Art & Entertainment | Book Reviews | Education | Entertainment Video | Health | Lifestyle | Sport | Sport Video | Search

 


Respecting students reaps rewards in the classroom

Respecting students rather than trying to control them reaps rewards in the classroom


Dr Louise Porter launches new handbook ‘A Comprehensive Guide to Classroom Management‘

Renowned child psychologist and author Dr Louise Porter has launched a comprehensive, authoritative and potentially controversial new handbook on how to proactively manage primary and secondary students’ behaviour in the classroom.

In the textbook, called ‘A Comprehensive Guide to Classroom Management’, Dr Porter’s key message is that understanding and providing for children’s needs means there is no need to try and control or ‘manage’ children’s behaviour in the classroom.

The text convincingly demonstrates that using a guidance approach to managing student behaviour, rather than one of reward and punishment, is the key to the long term success of the pupil, the teacher and the school.

“Children don’t behave well because of rules: They behave well because they can. Having a system of rules and consequences does not make young people any more capable of managing their emotions and impulses, but simply punishes them for not being able to,” says Dr Porter.

“Instead, children need our compassion most when they appear to deserve it the least,” says Dr Porter.

Due on shelves in early June, ‘A Comprehensive Guide to Classroom Management’ provides teachers and teaching students with a robust and effective approach to managing behaviour and helping students to develop into happier, more confident and successful individuals in the community.

“Supporting students so that it is easier for them to do as expected, and so that they are more willing to do so, is an easier task for teachers than compelling students,” Dr Porter says.

“This means no more rewards (praise, stickers, or student-of-the-day awards) for achievement or behaviour.

“Instead of attempting to persuade children to repeat the success, we need to give them information that helps them to appreciate for themselves what they have achieved and what their next goal might be,” Dr Porter advises.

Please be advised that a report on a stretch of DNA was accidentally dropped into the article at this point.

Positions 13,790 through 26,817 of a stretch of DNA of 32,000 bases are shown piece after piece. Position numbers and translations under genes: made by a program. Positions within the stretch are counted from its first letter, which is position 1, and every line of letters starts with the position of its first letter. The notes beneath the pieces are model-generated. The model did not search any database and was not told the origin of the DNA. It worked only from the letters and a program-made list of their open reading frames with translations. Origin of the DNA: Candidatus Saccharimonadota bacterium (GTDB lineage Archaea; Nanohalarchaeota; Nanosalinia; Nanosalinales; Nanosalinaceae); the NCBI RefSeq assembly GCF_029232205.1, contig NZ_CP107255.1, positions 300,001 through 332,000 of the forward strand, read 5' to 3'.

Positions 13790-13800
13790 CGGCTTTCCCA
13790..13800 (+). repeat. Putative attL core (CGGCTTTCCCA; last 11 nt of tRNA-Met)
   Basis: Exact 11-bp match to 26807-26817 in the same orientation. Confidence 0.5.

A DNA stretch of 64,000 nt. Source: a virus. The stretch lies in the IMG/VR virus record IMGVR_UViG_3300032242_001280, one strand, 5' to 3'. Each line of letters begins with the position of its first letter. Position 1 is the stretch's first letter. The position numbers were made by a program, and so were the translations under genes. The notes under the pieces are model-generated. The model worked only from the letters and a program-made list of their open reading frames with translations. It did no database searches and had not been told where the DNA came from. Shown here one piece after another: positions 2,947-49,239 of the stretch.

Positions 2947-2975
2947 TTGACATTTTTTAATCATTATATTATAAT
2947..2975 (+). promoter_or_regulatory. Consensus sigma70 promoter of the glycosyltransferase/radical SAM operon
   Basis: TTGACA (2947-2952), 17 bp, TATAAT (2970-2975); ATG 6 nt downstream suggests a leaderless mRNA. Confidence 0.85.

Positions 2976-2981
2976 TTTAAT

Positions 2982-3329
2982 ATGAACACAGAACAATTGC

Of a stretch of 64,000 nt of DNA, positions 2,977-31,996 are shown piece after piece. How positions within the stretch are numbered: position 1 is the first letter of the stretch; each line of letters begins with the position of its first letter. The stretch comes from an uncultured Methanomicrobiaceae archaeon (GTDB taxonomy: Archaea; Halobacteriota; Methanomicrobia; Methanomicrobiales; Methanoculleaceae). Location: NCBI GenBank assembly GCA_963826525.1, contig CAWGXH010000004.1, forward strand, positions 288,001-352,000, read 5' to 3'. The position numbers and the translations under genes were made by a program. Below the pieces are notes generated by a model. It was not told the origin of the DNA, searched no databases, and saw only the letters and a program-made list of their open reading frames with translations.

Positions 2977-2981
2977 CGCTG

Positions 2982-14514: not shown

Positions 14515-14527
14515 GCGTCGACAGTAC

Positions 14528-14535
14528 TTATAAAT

“By delivering information instead of a judgement, we ensure that we do not shame children, which is vital because as Brené Brown says ‘believing that you made a mistake is very different from believing that you are a mistake,’” Dr Porter says.

A ‘Comprehensive Guide to Classroom Management’ provides vital evidence and understanding into the psychology behind youth behaviour, vital for teachers and teaching students.

“Every behaviour is an attempt to meet a need,” says Dr Porter.

“Therefore when, by their actions, students are saying ‘no’ to something their teacher is asking we should listen for the ‘yes’ behind it.

“If they don’t want to sit and listen, then perhaps the need is to be active – and that need is what the students are saying ‘yes’ to. When we honour the need, we will have solved the disruption,” says Dr Porter.

The handbook is being heralded among the education industry and child psychology experts as ‘highly readable, encyclopaedic and compelling.’

Dr Ted Cole, lead editor of the Routledge International Companion to Emotional and Behavioural Difficulties says there is so much to absorb in this impressive blend of research, idealism and sound sense.

“I highly recommend it for principals, aspiring school leaders and teaching students,” says Dr Cole.

Born and educated in New Zealand Dr Louise Porter is a renowned child and clinical psychologist with over 30 years of practical experience.

She is the author of a number of titles including ‘Children Are People Too’, ‘Young Children’s Behaviour’, ‘Gifted Young Children’, and ‘Teacher-parent collaboration’.

Dr Louise will be in New Zealand to promote the launch of A Comprehensive Guide to Classroom Management in August. The book is on sale from May 30, 2014 in leading books sellers nationwide.

ENDS

© Scoop Media

 
 
 
 
 
Culture Headlines | Health Headlines | Education Headlines

 

TV3 Video: Auckland Arts Festival Kicks Off

The Auckland Arts Festival kicks off March 4, with artists from New Zealand and all over the world on show. More>>

ALSO:

Te Matatini: Minister Applauds National Kapa Haka Festival

Education Minister Hekia Parata wishes the best of luck to everyone involved in this week’s national kapa haka festival, Te Matatini, in Christchurch. “Te Matatini showcases the very best of Māori performing arts talent. It’s a celebration of identity, language and culture at the highest level and I’m looking forward to being amongst it,” says Ms Parata. More>>

ALSO:

Kiwi Pride: Accolades For Film About Man Who Falls In Love With A Stick

A short animated film written and directed by New Zealand born Matthew Darragh has been selected for the Courts des îles, International Festival of Short Fiction Films. More>>

ALSO:

Anniversaries: Vivid Memories Four Years After Christchurch Quake

Four years ago, an earthquake that would change the lives of thousands shook Christchurch at 12.51 p.m. More>>

ALSO:

Environment 'n' Conservation: Slash Meets Tāne The Tuatara

Rock and Roll superstar and former Guns 'n' Roses guitarist Slash visited Zealandia Ecosanctuary along with collaborating band Myles Kennedy and the Conspirators. More>>

Canterbury Quakes: Feedback Sought On Short-Listed Memorial Designs

Six short-listed designs for the Canterbury Earthquake Memorial have been released for public input... The Memorial will honour the victims of Canterbury’s earthquakes and acknowledge the suffering of all those who lived through them as well as the heroism of those who participated in the rescue and recovery operations. More>>

ALSO:

Get More From Scoop

 
 

LATEST HEADLINES

 
 
 
 
Culture
Search Scoop  
 
 
Powered by Vodafone
NZ independent news